Today is a one-track day in Egypt. As you may have heard, it is the first day of the first round of the first competitive presidential elections to take place in Egyptian history. The room adjacent to where I am sitting, at the English-language newspaper where I work, is filled with my colleagues, busily fielding phone calls from reporters at polling stations, keeping the world up to date on the progress of the election that will in one way or another begin to solidify the next phase of Egyptian history.
As often happens when political happenings overwhelm everything else, it is one of those days when it becomes difficult to feel confident in the relevance of my task at hand — in this case, coming up with something about art or literature or culture in general that feels worth blog-posting about.
But sometimes the internet gives you a gift. Today this gift came to me in the form of an essay on HTML Giant by J.D. Jameson that includes an excellent summary and analysis of the theories of Viktor Shklovsky, the Russian formalist critic and author responsible for one of my very favorite novels.
I have never read Shklovsky’s literary theory, though I have long intended to, and Jameson’s essay was a welcome introduction, with more to come (it is meant to be the beginning of a series). The essay is presented as a kind reflection on craft and form intended as food-for-thought for writers in the context of their writing. But Shklovsky’s theories are also rewarding for those trying to articulate to themselves what art is supposed to do and why it is important; why it continues to be important to think and talk about art in the middle of whatever else is happening in the world that might seem to matter in a more immediate way.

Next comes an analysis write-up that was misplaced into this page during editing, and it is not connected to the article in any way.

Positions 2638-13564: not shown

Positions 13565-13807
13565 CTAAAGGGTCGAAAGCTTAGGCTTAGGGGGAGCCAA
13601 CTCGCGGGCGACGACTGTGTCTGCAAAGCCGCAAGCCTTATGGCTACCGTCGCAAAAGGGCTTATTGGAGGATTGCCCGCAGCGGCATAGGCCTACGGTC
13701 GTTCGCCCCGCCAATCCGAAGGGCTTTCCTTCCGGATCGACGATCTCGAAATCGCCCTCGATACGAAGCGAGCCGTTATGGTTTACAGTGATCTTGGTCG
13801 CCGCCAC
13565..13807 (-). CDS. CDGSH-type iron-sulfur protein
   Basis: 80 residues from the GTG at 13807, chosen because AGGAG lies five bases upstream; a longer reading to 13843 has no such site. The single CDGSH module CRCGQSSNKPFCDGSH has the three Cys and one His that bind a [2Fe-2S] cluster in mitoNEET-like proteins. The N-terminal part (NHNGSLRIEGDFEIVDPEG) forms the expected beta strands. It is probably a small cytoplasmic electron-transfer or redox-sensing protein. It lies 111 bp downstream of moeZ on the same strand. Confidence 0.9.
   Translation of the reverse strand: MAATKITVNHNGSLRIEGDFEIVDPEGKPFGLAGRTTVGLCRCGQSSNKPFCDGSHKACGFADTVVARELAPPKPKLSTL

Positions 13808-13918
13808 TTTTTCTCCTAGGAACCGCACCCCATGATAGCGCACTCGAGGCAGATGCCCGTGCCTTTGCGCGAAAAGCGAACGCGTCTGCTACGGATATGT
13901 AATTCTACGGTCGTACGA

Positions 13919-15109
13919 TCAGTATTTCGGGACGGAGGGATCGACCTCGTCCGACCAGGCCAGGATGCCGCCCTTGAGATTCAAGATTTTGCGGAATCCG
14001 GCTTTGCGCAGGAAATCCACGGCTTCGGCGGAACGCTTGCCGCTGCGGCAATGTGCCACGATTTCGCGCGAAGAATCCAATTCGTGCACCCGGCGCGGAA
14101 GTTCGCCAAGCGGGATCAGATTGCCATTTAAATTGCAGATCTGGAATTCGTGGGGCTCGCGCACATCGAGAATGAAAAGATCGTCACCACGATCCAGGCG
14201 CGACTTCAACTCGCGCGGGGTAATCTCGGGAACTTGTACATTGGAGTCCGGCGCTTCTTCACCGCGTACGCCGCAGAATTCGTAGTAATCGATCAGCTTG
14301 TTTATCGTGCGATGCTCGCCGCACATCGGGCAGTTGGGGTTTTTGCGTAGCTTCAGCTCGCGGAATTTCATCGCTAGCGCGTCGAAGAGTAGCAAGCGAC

Jameson quotes from Shklovsky’s book Theory of Prose:
“And so, in order to return sensation to our limbs, in order to make us feel objects, to make a stone feel stony, man has been given the tool of art . . . By ‘enstranging’ objects and complicating form, the device of art makes perception long and ‘laborious.’”
Art obstructs the familiarity of the world, the life taken for granted and lived unconsciously. It is a complicating of existing reality that, as Jameson writes, “. . . reminds us that anything is possible, despite the fact that we routinely convince ourselves that things are just as they are — the way we’ve inherited them.”
Not an irrelevant thought in election season.